Back to SLA Biopharmaceutical what is going on?

SLA presentation June 10, 2002 > Marketing, finance & uncertainty

Last revised November 11, 2013  Working draft

What is really going on here? Marketing, finance & uncertainty 
not part of June 10, 2002 presentation

View a Printer-Friendly Version of this Web Page!

Mary Chitty
Cambridge Healthtech Institute


Reinventing big pharma, biotech, other companies, publishing and librarians?

Big pharma needs to reinvent itself. 
-Current situation is unsustainable. 
-Spending more and more on R&D with fewer and fewer drugs to show for it. 
New drug development cost study, Nov. 2001 Tufts Center for the Study of Drug Development Drug pipelines need filling as patents expire.

Biotechnology companies are trying to re-invent themselves as FIPCO’s (Fully Integrated Pharmaceutical COmpanies).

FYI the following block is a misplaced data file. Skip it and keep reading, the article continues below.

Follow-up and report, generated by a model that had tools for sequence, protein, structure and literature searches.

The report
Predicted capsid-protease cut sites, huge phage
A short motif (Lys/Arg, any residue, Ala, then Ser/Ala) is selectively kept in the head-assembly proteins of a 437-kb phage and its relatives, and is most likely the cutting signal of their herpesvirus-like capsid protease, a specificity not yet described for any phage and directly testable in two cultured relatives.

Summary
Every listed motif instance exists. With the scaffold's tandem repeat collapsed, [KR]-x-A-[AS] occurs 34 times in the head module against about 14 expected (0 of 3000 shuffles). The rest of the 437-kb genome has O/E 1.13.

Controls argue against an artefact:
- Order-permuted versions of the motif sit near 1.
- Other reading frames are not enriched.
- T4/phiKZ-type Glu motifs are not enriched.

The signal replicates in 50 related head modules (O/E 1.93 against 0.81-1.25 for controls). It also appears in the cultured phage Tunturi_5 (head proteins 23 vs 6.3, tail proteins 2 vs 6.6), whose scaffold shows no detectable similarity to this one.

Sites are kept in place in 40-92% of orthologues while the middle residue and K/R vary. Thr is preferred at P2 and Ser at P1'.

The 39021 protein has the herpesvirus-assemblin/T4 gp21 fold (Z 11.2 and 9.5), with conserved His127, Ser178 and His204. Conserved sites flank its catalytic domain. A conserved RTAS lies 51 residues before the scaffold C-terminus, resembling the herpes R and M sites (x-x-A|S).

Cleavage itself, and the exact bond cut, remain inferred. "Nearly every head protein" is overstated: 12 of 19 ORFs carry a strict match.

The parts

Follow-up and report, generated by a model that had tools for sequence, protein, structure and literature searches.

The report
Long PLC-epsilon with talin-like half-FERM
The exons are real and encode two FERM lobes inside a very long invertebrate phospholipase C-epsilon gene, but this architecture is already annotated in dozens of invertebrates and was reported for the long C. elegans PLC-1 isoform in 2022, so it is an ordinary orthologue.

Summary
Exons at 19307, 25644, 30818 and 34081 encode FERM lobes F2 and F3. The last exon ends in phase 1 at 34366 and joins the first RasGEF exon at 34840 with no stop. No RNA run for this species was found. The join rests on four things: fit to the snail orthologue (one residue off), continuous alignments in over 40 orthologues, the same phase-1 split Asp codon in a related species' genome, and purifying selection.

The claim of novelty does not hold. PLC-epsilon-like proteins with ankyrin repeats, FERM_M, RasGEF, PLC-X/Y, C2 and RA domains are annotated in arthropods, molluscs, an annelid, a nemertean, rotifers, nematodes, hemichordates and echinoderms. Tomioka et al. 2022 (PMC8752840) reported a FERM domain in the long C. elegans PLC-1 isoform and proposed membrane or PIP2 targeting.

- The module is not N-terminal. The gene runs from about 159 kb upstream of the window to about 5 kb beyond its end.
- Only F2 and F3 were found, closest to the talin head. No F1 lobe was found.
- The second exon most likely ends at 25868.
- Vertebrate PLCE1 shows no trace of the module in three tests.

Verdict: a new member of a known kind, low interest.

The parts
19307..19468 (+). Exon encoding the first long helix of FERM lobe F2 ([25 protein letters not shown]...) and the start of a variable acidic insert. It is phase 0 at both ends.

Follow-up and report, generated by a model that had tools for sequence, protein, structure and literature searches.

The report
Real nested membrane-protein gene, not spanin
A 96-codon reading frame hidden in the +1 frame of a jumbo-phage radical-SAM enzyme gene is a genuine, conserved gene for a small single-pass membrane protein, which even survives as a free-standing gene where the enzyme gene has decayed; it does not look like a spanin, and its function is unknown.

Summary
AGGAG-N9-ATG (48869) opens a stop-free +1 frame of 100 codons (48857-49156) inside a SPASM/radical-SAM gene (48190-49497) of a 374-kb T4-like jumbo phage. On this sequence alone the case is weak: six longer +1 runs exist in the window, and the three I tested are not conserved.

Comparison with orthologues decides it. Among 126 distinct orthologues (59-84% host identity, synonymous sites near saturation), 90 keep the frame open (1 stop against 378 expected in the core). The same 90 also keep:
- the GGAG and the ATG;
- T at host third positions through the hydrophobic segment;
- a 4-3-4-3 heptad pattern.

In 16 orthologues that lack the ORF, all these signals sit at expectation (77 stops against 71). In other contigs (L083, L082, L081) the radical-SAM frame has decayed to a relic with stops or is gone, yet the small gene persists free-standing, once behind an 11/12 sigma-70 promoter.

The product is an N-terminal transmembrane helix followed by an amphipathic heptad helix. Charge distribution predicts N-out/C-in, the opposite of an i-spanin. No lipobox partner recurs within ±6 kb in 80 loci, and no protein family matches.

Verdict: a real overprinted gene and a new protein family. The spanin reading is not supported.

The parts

Other companies need to reinvent themselves because
-In Massachusetts "biotech is hot because other companies are not"
Boston Globe Biotechnology section Apr. 22, 2002 (try to find time to read more of this) 
-Venture capital wants to invest only in serial entrepreneurs (already successful).

Publishing needs to re-invent itself. 
-Lessons for pharmas/biotechs - blockbusters and mega-mergers?
-Threats – and opportunities- of electronic publications?
-New role as electronic data repository

Do librarians and libraries need to reinvent themselves?

Marketing and finance Talking their language(s)

Business of biotechnology glossary
See benchmarking, best practices, business models, competitive intelligence, core competencies, high tech industry, hypercompetitive, market fragmentation, market research, proof of concept, proof of principle, R&D productivity, technology audit, white space [More timely, topical or sophisticated business terms?]  Terms in bold italics defined.

Financial glossary See accredited investors, blockbuster drugs, burn rate, dilution, exit strategies, mezzanine financing, opportunity costs, PIPES, private equity, Return On Investment ROI, seed rounds, term sheet, valuation